Under the Sun is the first Israeli museum exhibition devoted to the work of Robin Rhode (b. 1976, Cape Town; lives and works in Berlin). Rhode creates in the mediums of drawing, painting, photography, sculpture, video, and installation art. He uses a range of materials including chalk, charcoal, and soap, as well as the human body – the artist’s own body and the bodies of others.
Rhode was raised in Johannesburg, where his artistic approach was consolidated during the post-Apartheid period. Local street murals, as well as the paintings created by Rhode and his friends on the walls of their school, continue to serve as sources of inspiration for his work. Another school-related experience that has left an imprint on his work was the initiation rituals during which older students forced the newcomers to treat these paintings as if they were real – by pretending, for instance, that they were riding a painted bicycle. The absurdity of these childhood rituals, with their abusive overtone, has been assimilated into Rhode’s work, evolving into an intriguing combination of drawing and physical actions.
His works are often initiated as wall drawings that subsequently develop into performances, in which the artist, an actor, or sometimes both, respond to the represented image. Since these actions are ephemeral, and since the drawings are destined to be erased at one point or another due to their location in the public sphere, the final product is presented as a series of photographs or a video. The artistic object is thus the documentation of an event unfolding outside the art world; it is a vestige of an energetically charged, physical occurrence that persists long after the traces of movement, tension, and sweat dissolve and disappear. The power of the artistic objects created by Rhode - videos, photographs, or sculptures – thus paradoxically lies in their fundamental loss of power in comparison to what once existed outside, in the street, under a blazing sun.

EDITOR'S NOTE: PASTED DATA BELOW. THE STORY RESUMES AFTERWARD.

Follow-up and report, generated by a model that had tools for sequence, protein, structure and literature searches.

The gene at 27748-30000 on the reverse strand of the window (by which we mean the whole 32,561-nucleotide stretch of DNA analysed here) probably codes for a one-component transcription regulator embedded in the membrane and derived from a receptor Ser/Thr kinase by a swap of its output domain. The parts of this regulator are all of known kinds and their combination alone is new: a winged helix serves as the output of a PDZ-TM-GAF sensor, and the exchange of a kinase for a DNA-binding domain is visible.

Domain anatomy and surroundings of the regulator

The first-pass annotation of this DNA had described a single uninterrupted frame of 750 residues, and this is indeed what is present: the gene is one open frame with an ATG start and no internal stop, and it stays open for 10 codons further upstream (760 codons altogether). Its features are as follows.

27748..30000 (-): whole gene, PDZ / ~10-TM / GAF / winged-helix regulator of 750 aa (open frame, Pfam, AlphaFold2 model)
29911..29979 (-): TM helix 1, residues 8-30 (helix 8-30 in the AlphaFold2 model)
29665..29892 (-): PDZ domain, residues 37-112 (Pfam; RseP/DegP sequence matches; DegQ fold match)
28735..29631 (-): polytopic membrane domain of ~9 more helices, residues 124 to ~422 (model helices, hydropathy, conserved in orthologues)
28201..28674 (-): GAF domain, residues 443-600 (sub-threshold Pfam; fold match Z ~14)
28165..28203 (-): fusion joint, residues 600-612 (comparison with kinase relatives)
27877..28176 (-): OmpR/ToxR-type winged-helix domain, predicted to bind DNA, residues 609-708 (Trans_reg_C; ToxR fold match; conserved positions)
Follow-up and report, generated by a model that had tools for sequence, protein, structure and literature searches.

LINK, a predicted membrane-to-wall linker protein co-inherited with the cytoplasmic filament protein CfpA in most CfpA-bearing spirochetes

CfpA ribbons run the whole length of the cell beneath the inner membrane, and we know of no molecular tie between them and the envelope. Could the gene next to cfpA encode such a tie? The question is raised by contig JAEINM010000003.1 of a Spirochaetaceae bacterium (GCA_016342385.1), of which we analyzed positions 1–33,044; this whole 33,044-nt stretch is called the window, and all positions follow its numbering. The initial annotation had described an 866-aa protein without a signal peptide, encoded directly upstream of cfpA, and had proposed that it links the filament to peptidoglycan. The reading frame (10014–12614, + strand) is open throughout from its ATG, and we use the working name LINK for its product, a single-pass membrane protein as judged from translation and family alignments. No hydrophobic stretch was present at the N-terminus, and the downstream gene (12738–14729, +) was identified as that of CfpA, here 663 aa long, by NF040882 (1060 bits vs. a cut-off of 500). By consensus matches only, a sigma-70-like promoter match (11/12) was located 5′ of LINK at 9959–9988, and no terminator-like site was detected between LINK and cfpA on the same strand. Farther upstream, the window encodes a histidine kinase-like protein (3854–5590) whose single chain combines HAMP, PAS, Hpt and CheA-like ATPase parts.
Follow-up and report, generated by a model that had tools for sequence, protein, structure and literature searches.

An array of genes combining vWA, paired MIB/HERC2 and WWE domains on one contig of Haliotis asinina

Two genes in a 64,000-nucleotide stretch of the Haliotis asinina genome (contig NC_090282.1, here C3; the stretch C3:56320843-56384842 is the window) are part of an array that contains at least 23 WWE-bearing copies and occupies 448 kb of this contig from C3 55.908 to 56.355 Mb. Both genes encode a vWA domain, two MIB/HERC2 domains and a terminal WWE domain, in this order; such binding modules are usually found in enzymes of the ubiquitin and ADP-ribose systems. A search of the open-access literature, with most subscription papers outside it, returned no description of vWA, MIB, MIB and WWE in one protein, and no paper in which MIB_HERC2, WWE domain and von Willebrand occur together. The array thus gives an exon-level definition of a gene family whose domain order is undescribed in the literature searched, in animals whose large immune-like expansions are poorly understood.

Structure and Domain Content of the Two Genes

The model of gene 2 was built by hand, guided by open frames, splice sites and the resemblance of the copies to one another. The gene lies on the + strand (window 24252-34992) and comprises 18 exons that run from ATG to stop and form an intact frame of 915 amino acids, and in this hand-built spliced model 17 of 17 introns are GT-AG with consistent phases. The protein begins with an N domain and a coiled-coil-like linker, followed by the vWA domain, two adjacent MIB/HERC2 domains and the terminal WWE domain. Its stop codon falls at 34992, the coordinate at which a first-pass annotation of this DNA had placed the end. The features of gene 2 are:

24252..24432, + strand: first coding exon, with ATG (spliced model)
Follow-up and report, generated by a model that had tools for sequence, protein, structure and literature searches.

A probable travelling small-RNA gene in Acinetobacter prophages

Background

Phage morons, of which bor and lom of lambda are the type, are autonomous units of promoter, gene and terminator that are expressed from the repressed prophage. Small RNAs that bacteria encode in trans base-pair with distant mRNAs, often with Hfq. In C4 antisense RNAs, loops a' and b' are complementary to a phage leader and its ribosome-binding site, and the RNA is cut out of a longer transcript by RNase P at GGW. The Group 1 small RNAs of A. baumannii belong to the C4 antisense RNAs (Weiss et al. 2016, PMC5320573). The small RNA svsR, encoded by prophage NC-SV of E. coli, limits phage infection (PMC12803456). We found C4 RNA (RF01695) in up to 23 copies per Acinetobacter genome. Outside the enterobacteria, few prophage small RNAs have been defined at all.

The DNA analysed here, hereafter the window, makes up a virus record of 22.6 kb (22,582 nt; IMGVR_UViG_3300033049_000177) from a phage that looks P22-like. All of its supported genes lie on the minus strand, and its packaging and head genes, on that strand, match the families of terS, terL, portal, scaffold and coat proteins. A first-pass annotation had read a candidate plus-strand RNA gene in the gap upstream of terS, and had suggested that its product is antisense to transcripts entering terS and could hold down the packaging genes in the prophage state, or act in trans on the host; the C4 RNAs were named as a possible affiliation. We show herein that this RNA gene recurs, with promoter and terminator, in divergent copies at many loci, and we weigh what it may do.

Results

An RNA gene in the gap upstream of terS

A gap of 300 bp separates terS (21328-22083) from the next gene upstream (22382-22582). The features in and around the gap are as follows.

Rhode exploits the public sphere as a platform for exploring issues on the international agenda, as well as ones specifically related to life in South Africa. Rooted in urban youth culture, his works touch upon questions of culture, identity, and history, and are characterized by a hip-hop rhythm and by the power of graffiti paintings.
(Photo: Robin Rhode, Under the Sun, 2017, (detail), c-print, 36 parts each: 50 x 50 cm, Courtesy the artist , Lehmann Maupin Gallery, New York and Hong Kong, Braverman Gallery, Tel Aviv)